Every so often, I write a newsletter on a subject I think might be of interest to both real estate professionals and their clients. You can find links to them below.
One of the most common concerns found in home inspections is the lack or improper placement of smoke and carbon monoxide (CO) alarms. While it is relatively easy to fix these problems, failing to do so could leave the occupants of a home at greater risk in the event of a fire or back-drafting of a heating appliance.
The current guidelines for smoke alarms call for a smoke alarm in each bedroom AND on the ceiling or wall outside each separate sleeping area (usually a hallway or stairwell) AND on each story of the building. This includes a basement or cellar (preferably on the ceiling near the stairs), but not a crawlspace or attic. There should also be a smoke alarm in garages where the temperature is controlled.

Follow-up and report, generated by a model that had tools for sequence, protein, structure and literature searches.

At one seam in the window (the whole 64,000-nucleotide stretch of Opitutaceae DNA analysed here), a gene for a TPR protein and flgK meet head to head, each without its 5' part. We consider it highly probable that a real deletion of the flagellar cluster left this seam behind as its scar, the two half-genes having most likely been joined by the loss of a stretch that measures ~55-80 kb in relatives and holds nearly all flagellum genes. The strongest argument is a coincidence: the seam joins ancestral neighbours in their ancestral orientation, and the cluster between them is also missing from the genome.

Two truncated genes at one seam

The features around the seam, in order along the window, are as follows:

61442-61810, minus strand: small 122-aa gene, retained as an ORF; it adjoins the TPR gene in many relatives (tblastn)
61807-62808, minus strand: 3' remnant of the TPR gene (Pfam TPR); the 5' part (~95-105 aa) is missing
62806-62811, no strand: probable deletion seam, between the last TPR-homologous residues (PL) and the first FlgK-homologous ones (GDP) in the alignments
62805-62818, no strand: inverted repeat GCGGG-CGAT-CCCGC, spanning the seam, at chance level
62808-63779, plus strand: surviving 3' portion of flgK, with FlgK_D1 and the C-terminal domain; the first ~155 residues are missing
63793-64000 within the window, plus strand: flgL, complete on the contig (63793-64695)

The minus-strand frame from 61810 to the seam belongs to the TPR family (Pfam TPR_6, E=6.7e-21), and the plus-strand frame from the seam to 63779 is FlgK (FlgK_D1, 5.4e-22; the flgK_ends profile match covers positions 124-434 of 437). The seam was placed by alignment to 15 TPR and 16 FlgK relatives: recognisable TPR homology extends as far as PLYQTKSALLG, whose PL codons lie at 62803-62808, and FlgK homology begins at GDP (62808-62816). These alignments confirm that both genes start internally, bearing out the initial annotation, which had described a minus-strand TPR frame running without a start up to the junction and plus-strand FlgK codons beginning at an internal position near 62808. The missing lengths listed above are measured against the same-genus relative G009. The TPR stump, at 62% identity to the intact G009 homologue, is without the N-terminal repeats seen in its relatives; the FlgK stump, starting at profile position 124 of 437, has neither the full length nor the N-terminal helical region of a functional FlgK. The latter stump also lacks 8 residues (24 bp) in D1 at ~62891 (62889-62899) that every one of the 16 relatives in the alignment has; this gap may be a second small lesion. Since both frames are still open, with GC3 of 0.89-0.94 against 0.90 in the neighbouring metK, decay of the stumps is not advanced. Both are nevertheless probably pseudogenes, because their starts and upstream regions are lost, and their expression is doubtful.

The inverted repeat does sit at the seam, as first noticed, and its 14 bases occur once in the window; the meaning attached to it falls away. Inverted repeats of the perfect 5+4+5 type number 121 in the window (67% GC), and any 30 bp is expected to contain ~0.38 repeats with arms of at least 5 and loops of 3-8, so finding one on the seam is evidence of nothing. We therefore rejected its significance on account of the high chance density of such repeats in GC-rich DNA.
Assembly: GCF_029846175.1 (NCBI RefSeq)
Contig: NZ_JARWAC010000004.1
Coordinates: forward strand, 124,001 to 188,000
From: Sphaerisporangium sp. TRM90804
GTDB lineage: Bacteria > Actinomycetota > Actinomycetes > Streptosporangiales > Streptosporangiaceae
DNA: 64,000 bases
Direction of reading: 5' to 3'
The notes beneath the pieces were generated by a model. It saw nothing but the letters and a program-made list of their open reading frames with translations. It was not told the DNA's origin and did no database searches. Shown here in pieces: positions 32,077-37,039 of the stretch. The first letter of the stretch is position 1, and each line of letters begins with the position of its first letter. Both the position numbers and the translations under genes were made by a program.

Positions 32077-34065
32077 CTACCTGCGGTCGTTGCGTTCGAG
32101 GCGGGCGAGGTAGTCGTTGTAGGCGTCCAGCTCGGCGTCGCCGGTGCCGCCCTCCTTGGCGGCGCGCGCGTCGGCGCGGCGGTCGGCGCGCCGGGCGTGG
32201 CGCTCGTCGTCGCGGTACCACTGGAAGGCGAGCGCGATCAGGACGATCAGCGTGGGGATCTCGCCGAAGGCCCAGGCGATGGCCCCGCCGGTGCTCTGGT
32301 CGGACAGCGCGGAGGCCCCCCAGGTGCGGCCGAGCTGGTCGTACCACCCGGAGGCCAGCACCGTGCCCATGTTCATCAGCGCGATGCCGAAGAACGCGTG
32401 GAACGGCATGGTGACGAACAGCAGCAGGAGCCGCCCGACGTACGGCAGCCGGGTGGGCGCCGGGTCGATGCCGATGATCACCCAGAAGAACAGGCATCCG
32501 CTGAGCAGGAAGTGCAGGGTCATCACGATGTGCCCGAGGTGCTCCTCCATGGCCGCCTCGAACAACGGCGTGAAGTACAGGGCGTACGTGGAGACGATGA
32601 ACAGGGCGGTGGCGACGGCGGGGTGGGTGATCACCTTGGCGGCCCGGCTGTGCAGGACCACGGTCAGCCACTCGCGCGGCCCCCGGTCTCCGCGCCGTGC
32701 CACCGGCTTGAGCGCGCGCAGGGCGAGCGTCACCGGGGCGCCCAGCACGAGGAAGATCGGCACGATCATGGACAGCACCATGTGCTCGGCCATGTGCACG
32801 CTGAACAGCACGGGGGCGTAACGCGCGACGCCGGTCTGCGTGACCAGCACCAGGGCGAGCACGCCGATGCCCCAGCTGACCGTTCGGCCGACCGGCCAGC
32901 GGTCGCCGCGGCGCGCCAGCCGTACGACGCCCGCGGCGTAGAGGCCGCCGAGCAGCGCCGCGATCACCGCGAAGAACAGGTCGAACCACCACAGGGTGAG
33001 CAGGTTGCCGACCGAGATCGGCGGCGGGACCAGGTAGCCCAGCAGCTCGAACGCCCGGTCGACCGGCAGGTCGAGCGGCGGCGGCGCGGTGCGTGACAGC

CO alarms should be located on each level of a home, and may be combination smoke/CO alarms.
The proper placement of a smoke alarm is on the ceiling, or on a wall between 6 and 12 inches down from the ceiling. In a room with a vaulted ceiling, the alarm should be located no more than 36 inches and no less than 4 inches from the peak.
Due to the increased likelihood of false alarms and/or decreased accuracy, smoke alarms should NOT be placed in the following locations:
-Near a window, within 36” of a ceiling fan, or near a heating or A/C appliance
-In a bathroom with a shower or tub, where steamy air could cause a false alarm
-In a kitchen near a cooking appliance
-In an unfinished attic or garage where the temperature may fall outside the 40-100ºF range.
-In dead-air spots
In Vermont, state law has required the installation of smoke alarms in all new homes since 1994. As of 2008, smoke alarms are required to be of the photoelectric type only, and to be hardwired with a battery backup. Combination photoelectric smoke alarm/CO alarms are allowed, but not combination photoelectric/ionization alarms.
Being aware of these guidelines can help home sellers make the best impression, and give buyers the information they need to achieve maximum fire safety in their new home.